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A quiet moment in the Old Church Park, in central Helsinki, early in the morning. Birds take over the soundscape.

    City of silence

    Nina Korhonen


The sound world of central Helsinki differs from that of other cities, because in the capital of Finland it is possible to find places where it is quiet. Only a few kilometres from the city centre, the din of the traffic fades into the background while you enjoy the peace and harmony of nature in a forest.

Marjukka Peltonen M.A., 30, would take foreign visitors to Helsinki into the forest. And she need not go far: less than five kilo-metres from the very centre of the city, for instance in Ruskeasuo, nature’s sounds surround the listener: birds singing, trees murmuring and soothing silence. How exceptional in a city! And it is not far to go if you seek the tranquillity of the wilderness. About twenty kilometres to the northwest, in Nuuksio, Espoo, a truly silent soundscape awaits the listener.

Marjukka Peltonen is on maternity leave from her work in the Music department of Helsinki’s Itäkeskus Library. She studied folk traditions and folk music at the University of Tampere and, towards the end of her studies, she focussed on studying soundscapes – her master’s thesis was on the soundscapes of libraries.

Peltonen enjoyed studying the nocturnal soundscape of Helsinki. Although she originally comes from Raahe, a small town in northern Finland, she has lived in the Helsinki area for many years. “Before this research project I had last studied the soundscape of a cowshed, so the jump was quite something,” she says, with a laugh.

Soundscape research is quite a young discipline. Urban soundscapes have been studied for instance in Manchester, Britain and Tampere, Finland. Soundscape research differs from traditional noise abatement and acoustic research in that it takes into account everything that can be heard around us.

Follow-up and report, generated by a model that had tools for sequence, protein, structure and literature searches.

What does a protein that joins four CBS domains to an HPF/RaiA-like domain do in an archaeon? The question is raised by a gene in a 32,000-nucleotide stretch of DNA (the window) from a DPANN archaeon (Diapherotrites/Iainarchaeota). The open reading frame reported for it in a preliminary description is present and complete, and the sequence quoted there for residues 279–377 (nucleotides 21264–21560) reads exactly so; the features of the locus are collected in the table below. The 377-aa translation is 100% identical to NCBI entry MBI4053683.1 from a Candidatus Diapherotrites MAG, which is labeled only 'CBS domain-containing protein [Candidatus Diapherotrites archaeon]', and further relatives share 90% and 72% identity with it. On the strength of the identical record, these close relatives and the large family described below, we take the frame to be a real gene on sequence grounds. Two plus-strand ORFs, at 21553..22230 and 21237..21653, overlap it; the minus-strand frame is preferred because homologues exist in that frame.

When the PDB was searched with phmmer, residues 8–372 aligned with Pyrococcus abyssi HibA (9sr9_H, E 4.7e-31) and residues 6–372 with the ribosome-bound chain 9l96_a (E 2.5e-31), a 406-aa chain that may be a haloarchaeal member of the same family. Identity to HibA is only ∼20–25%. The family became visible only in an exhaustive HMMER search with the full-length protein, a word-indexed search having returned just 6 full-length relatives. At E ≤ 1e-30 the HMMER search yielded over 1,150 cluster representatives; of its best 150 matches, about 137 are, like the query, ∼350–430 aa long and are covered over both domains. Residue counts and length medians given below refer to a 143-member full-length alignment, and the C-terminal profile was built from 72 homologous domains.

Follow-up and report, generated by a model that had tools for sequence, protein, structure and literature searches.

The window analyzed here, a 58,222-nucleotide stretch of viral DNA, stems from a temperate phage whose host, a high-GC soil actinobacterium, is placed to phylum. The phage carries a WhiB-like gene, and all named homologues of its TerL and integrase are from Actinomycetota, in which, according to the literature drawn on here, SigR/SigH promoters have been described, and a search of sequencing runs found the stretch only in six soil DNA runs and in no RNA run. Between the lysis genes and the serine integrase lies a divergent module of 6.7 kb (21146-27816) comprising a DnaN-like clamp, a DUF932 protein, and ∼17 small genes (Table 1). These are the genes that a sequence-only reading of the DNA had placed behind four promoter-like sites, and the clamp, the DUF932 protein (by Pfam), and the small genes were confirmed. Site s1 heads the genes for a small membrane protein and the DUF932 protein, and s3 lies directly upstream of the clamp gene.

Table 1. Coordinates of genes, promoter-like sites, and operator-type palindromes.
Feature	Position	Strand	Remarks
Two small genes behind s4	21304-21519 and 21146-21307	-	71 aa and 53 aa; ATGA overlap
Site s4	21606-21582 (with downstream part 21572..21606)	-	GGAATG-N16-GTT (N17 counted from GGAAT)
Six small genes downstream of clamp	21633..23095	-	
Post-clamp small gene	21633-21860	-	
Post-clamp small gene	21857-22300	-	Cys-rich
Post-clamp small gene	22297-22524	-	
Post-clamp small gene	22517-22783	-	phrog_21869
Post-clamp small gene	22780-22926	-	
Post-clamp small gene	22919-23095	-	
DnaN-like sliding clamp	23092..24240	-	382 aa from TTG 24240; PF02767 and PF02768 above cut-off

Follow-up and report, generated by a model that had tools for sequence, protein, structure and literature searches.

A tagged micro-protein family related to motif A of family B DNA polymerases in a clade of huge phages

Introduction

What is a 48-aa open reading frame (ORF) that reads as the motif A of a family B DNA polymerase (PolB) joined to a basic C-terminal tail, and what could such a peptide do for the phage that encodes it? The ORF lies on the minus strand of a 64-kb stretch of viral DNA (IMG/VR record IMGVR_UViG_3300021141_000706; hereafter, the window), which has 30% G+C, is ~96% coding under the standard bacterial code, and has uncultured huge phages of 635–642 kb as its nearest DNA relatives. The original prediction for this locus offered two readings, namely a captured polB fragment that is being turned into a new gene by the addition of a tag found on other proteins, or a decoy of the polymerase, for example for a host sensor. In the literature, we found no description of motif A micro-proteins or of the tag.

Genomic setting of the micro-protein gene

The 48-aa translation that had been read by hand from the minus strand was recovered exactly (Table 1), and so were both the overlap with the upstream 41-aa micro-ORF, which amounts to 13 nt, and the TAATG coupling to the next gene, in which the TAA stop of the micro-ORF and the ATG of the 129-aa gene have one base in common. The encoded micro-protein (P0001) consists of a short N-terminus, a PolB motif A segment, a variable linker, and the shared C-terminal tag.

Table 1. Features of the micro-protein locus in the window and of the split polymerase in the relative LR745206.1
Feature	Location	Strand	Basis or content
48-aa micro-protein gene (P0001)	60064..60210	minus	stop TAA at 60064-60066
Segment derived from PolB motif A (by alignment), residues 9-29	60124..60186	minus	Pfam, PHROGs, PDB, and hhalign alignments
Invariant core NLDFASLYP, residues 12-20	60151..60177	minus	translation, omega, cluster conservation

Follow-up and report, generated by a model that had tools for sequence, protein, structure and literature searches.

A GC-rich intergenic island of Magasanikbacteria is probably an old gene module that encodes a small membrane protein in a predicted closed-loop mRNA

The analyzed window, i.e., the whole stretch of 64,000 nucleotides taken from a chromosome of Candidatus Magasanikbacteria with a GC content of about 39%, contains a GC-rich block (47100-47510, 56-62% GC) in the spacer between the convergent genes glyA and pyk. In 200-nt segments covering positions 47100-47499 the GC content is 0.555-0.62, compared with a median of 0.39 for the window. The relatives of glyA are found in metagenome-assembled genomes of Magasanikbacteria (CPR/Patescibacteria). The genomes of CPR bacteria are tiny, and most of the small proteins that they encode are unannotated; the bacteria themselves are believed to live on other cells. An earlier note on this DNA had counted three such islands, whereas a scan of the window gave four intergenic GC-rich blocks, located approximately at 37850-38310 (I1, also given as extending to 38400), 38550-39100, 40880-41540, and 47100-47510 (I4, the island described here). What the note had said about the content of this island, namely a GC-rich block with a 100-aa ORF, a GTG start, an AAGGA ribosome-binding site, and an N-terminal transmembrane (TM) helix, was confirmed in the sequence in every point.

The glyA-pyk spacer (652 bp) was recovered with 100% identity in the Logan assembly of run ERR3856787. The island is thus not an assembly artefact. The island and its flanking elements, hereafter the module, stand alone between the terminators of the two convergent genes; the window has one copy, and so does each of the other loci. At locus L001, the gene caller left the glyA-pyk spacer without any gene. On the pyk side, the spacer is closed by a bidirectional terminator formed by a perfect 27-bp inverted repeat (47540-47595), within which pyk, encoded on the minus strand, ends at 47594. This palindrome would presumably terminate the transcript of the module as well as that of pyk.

Pesonen finds studying the soundscapes of cities interesting, because there is a great variety of sounds in a city and there are a lot of listeners who all have their own way of relating to sounds. No wonder there are many problems.

“All sounds have their own stories and contents and that decides which sounds different people find pleasant or annoying. Some sounds are not unambiguously welcome to some and unwelcome to others, they can mean different things to different people.”

For example, traffic sounds cannot be classified only as unpleasant. Peltonen tells of her 18 month old son, who loves the soundscape of central Helsinki. “He turns his head this way and that. He listens eagerly to the rattling of trams, the screeching of buses’ brakes and the low rumbling of lorries.”

Prick up your ears!

The main part of Peltonen’s field work was carried out on a May night in 1995. She and a group of friends kept a sound journal and recorded sounds in three different places, the Old Church Park, on the steps of the Finnish National Gallery by the Railway Square, and by the sea at the Market Square. “The sounds of cars totally surprised us. I assumed that in the small hours of early morning it would be much quieter and that there would have been more sounds from people returning from a night out. However, car sounds dominated all through the night. There is surprisingly little talk and music in the Helsinki night.”